The cars have to slow down from nearly two-hundred miles per hour to sixty miles per hour if they need to pit. In years past, NASCAR would permit drivers to “race back to the caution flag.” This would allow drivers to race for position just after a crash has happened, but before they had crossed the start/finish line with the yellow flag waving. Drivers had developed an agreement to hold their position, and let slower cars gain lost laps rather than race. In many instances, lead drivers would use this practice to reward lapped cars for not interfering with them during race conditions. So in all, NASACAR’s rules changed a lot.

There is a lot of new technology in NASCAR that is being debated if it will be used in the races. Some things have already been put into/onto the cars to help improve as well as make a safer car. After ruling the roost since the Kennedy Administration, the Holley four-barrel carburetor is finally being put out to pasture as NASCAR’s fuel system of choice. The Sprint Cup Series is joining the computer age, and that means engine builders and tuners are trading in their wrenches and wet flow benches for laptops and software mapping.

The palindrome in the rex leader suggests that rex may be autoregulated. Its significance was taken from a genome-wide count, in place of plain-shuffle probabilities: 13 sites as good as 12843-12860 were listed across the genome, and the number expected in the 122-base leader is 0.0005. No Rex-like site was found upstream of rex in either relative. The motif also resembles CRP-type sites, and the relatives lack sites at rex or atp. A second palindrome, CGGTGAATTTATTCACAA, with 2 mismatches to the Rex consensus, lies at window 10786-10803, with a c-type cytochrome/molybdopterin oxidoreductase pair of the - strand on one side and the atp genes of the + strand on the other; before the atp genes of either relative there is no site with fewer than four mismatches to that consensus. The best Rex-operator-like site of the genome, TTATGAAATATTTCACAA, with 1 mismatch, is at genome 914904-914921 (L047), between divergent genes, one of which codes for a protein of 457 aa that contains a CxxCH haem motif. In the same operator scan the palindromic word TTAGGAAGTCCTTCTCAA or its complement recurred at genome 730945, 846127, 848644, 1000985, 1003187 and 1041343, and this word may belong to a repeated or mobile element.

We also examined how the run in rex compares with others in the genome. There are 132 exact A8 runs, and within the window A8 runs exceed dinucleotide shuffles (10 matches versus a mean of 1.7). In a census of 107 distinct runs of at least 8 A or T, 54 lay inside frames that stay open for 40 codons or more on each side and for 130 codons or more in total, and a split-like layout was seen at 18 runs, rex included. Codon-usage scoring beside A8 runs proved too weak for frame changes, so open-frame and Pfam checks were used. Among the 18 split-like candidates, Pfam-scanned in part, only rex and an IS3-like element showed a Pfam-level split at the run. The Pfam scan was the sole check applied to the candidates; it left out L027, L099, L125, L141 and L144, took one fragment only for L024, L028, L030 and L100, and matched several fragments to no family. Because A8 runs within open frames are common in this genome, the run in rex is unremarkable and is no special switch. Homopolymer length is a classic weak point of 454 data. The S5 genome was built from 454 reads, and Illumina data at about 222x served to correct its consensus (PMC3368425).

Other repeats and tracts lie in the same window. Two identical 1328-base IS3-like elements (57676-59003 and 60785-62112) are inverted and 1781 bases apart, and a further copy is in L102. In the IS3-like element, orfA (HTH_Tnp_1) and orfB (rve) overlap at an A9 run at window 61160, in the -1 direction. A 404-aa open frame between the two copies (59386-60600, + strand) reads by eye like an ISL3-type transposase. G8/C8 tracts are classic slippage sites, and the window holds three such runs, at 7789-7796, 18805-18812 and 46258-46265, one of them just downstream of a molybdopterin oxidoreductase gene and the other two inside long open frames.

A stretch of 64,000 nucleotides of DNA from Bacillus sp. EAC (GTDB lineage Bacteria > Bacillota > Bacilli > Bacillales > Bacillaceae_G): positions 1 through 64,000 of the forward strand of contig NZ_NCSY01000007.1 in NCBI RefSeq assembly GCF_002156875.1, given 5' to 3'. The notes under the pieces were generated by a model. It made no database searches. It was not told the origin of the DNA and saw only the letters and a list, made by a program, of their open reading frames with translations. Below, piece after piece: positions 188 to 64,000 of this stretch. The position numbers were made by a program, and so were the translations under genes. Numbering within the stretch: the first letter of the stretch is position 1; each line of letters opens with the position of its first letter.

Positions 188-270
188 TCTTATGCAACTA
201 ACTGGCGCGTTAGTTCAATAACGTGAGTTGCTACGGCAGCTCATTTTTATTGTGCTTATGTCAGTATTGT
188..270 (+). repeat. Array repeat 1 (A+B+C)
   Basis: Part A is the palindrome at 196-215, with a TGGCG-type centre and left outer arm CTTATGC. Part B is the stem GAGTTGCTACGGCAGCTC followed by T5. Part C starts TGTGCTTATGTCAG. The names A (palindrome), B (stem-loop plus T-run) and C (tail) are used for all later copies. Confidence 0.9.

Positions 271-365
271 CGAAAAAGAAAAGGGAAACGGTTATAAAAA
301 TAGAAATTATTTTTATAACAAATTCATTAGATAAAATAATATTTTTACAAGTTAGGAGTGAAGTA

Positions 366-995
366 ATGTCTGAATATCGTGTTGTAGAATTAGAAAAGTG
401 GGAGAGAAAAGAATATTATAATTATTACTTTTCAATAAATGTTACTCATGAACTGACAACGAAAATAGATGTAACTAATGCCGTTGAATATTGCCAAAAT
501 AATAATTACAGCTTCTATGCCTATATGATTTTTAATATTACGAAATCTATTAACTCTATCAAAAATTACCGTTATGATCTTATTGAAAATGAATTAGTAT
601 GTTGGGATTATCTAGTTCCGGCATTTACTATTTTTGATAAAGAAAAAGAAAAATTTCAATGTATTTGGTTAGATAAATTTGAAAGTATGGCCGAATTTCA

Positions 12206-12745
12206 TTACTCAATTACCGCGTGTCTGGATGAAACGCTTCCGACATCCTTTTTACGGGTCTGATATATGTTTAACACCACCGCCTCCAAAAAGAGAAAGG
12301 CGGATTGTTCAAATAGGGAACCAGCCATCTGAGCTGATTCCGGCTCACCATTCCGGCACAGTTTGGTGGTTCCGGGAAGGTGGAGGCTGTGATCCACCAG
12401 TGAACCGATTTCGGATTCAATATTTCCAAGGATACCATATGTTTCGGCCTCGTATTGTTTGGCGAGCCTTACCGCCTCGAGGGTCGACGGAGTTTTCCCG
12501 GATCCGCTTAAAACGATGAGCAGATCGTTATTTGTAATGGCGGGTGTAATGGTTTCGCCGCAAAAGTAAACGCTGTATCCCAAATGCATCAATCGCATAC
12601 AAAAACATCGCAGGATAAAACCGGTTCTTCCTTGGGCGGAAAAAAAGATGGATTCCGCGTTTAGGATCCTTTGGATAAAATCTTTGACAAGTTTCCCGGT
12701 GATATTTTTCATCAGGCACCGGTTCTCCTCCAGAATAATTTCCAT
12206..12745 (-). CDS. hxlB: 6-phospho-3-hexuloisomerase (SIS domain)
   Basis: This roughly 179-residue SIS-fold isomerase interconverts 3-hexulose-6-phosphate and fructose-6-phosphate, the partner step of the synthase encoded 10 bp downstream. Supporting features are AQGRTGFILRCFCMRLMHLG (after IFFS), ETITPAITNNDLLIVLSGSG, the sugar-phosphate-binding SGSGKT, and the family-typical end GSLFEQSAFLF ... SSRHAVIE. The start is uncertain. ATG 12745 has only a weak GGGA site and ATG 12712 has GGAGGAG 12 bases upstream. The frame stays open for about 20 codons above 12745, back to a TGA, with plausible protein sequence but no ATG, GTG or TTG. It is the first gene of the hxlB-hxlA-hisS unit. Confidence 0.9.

Some people have commented on these changes such as Howard Comstock Crew chief. “In many ways, the engine will be much more efficient because we can give exactly the right amount of fuel to each cylinder that it needs.” Others, however, do not agree, such as Robin Pemberton NASCAR Official. “There’s a reason we’re doing all these tests, because until you get it on the track and in some sort of competitive type atmosphere, we won’t uncover any problems.”

That is why NASCAR is so popular and rapidly growing in fan population as well as the technological age of the cars. That is also what NASCAR is. You can decide if it’s a bunch of hicks driving in circle, or if it’s a professional sport that millions of people love and come to watch.

www.Daytonainternationalspeedway.com.web. August 23, 2008
www.charlottemotorspeedway.com.web. September 16, 2010
www.Ask.com.web. June 7, 1986
www.wikipedia.org.web. February 14, 2003